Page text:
I have a script that reads XML node by node using XMLReader:

$z = new XMLReader;
$doc = new DOMDocument;

while ($z->read() && $z->name !== 'item');
while ($z->name === 'item')
    $node = simplexml_import_dom($doc->importNode($z->expand(), true));

    //I read the node here 

    //Here I want to delete it

    //move to next node

I want to delete the node from XML file after reading it to avoid reading same data multiple times when calling the script again. What is the best way to do it? Am I able to do it while reading the file?

I couldn't find the answer anywhere else.

up vote 2 down vote accepted

XMLReader has a partner called XMLWriter. So for large XML files you read the XML file using XMLReader while writing the filtered/modified data using XMLWriter into a new file.

Expanding a part of the file into DOM allows easier reading and modifications of this part but you will need to use XMLWriter to serialize the XML structure into the new file.

I implemented features (including a collapse() method) for that into FluentDOM. Here is an usage example:

$xml = <<<'XML'

// Create the target writer and add the root element
$writer = new \FluentDOM\XMLWriter();

// load the source into a reader
$reader = new \FluentDOM\XMLReader();

// iterate the person elements - the iterator expands them into a DOM element node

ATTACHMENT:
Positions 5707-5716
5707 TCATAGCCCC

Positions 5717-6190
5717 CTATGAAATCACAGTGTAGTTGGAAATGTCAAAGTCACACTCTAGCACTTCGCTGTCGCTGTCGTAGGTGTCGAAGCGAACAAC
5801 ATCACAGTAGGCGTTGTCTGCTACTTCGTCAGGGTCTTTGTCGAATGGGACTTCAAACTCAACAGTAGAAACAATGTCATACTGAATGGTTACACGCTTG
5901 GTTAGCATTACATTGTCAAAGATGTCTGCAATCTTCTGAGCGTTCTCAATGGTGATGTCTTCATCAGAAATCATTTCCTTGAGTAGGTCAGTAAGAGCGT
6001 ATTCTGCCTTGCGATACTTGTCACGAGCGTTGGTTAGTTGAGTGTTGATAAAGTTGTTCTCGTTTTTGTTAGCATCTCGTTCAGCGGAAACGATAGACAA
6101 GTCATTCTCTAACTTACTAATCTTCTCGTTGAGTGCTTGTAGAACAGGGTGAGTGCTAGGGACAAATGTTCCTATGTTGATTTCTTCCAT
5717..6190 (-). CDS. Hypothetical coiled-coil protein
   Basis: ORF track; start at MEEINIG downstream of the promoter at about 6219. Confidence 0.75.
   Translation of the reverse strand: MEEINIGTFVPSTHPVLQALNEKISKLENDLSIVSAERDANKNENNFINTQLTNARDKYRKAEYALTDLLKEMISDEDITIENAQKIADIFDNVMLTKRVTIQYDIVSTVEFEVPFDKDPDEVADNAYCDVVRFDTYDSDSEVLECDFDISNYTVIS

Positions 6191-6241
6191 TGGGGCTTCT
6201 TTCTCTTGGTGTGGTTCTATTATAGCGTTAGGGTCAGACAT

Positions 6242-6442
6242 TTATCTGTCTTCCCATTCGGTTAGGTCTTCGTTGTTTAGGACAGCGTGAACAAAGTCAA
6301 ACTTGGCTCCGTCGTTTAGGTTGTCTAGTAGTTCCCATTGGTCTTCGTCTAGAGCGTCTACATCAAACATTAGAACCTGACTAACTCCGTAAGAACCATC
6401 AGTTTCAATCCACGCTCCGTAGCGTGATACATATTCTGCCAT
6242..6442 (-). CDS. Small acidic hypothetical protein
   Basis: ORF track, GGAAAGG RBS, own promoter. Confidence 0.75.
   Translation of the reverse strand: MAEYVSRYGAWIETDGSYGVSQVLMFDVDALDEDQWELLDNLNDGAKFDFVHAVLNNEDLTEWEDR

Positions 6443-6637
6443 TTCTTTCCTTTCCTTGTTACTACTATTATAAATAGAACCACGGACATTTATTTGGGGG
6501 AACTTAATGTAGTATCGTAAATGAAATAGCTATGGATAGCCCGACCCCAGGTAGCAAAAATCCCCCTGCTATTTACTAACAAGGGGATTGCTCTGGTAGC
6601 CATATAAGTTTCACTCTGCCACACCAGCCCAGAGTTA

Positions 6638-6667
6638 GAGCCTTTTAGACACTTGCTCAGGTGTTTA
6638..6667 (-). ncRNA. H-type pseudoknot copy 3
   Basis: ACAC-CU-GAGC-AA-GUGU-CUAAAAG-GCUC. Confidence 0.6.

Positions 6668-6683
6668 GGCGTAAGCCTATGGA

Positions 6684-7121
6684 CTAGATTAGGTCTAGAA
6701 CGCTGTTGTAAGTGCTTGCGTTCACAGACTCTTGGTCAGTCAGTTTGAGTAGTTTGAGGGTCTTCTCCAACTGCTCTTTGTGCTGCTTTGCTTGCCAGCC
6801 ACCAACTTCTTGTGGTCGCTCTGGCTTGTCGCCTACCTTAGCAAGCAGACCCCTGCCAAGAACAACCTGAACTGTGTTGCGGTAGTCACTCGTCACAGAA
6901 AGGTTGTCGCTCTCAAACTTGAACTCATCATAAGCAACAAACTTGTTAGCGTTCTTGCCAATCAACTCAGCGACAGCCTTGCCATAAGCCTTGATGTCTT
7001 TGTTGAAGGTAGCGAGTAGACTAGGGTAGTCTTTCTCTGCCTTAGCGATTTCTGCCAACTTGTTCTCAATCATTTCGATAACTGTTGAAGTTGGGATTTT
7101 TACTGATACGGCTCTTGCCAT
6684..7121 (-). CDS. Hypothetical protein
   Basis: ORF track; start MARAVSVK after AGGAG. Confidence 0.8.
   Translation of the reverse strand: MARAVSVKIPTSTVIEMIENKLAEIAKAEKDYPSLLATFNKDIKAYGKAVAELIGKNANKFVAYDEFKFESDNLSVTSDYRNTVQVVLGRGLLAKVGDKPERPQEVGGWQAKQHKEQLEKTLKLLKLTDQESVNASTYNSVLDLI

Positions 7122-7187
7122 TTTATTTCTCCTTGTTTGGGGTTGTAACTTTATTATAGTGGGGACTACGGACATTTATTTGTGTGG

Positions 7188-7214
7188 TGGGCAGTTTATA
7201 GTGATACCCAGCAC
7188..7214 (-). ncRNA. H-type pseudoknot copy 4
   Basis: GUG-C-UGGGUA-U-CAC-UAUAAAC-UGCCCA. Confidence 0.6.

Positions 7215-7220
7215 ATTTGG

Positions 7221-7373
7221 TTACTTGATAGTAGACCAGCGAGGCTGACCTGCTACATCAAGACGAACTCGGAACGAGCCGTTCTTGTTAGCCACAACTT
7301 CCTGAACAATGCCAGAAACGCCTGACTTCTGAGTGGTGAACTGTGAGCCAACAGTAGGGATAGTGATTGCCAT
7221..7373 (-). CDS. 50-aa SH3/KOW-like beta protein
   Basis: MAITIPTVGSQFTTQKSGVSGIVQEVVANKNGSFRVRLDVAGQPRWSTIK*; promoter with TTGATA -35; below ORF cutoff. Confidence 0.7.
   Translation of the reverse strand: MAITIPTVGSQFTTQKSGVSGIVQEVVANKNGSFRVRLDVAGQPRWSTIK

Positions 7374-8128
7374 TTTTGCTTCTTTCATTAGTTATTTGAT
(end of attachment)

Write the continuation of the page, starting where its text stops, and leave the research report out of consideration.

foreach (new \FluentDOM\XMLReader\SiblingIterator($reader, 'person') as $person) {
  /** @var \FluentDOM\DOM\Element $person */
  // ignore "Bob"
  if ($person('string(name)') !== 'Bob') {
    // write expanded node to the output



<?xml version="1.0"?>
  • FluentDom is an impressive piece of work! – bcperth Nov 9 at 22:34

You can't edit the document while reading it .. at least not without a lot of messy inefficient code.

Best approach would be:

1) Read the entire document into a second DOMDocument object.

2) As you read nodes one by one from your XMLReader input stream, find the corresponding nodes in the DOMDocument and remove them after you are done. Be careful not to delete nodes that have children you have not yet reviewed.

3) When done save the new DomDocument to a new file name and use this as your input source for next edit session.

You will be an expert on DomDocument manipulation when you are done.

Post a new question if you run into problems.

  • I would prefer not to read the entire document into memory every time. I also hoped it is possible to do it without creating new files. Thank you for your answer! – Dave Nov 9 at 10:41
  • Well its unavoidable, and ThW has made an impressive set of tools in FluentDom! – bcperth Nov 9 at 22:37

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